Christmas meal in Harlem right now.. Served by.. pic.twitter.com/UDmgGZKfRH— Stacey Sager (@staceysager7) December 25, 2015
He was joined by the Rev. Al Sharpton at the always-packed event, with plenty of children and their families at the toy giveaway and celebration.
The guests were of all ages, and the gathering helps put things in perspective because the recipients are all so grateful despite whatever struggles they have endured.
"I was in a car accident, and it happened about four years ago," crash survivor Peter Jones said. "And, you know, I'm just grateful to be alive, you know what I mean? Because it was hard for me, because I lost my mother last week. So, you know, it was hard for me, but I wanted to make sure in the midst of my loss that these families here can have something they can look forward to."
Hundreds of children were there with their families for the toy drive and meal served up by the Rev. Al Sharpton and the mayor, who brought his older child Chiara.
"This is not about what you get, this is about what you give," said Sharpton.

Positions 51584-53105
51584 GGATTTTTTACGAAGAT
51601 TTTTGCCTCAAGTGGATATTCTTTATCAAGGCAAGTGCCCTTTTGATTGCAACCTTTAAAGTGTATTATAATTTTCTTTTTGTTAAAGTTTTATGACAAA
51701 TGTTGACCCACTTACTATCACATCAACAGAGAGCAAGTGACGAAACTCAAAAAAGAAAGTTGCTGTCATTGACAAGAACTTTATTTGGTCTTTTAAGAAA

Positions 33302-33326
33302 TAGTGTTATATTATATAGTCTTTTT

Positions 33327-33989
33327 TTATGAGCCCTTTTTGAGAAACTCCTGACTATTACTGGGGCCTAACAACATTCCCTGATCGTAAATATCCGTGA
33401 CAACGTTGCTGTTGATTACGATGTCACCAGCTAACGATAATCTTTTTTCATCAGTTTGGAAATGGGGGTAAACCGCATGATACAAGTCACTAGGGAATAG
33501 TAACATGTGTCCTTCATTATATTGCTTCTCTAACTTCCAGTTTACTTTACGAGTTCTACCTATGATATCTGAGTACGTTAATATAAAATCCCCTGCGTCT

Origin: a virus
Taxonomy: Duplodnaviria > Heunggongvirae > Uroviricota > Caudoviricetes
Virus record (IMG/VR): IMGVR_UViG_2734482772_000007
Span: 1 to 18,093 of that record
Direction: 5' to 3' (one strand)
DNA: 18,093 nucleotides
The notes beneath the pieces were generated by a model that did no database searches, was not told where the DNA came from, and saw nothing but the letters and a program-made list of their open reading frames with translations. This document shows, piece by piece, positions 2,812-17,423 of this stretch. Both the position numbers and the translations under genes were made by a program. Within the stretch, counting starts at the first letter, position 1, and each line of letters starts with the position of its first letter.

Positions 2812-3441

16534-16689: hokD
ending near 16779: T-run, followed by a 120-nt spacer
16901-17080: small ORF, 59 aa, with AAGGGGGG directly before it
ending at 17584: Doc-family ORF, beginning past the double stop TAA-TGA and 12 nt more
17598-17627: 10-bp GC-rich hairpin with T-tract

Out on 145th Street there is no shortage of people every year for this event. In mid-afternoon, people were still lining up.
"Just want to be humble, more humble, treat everybody nice, you know what I'm saying?", said Tyrone Evans of Brooklyn.
The mayor used the setting of the National Action Network to talk about activism.
"Count your blessings that change does come when people demand it," said the mayor. "Count your blessings that change does come when people stand up."
96-year-old Florence Rice considers that her unfinished business for 2016.
"I hope for people, our young people, get more doors open to them," she said.
And speaking of young people, at the toy giveaway the ones we talked to aren't too picky.
"What are you hoping to get today?", we asked Stephoni Jenkins of the Bronx. "Anything," she said.
"To spend time with your family and just enjoy the holidays." said 10-year old Le'sha Benjamin.
That is the greatest gift of all.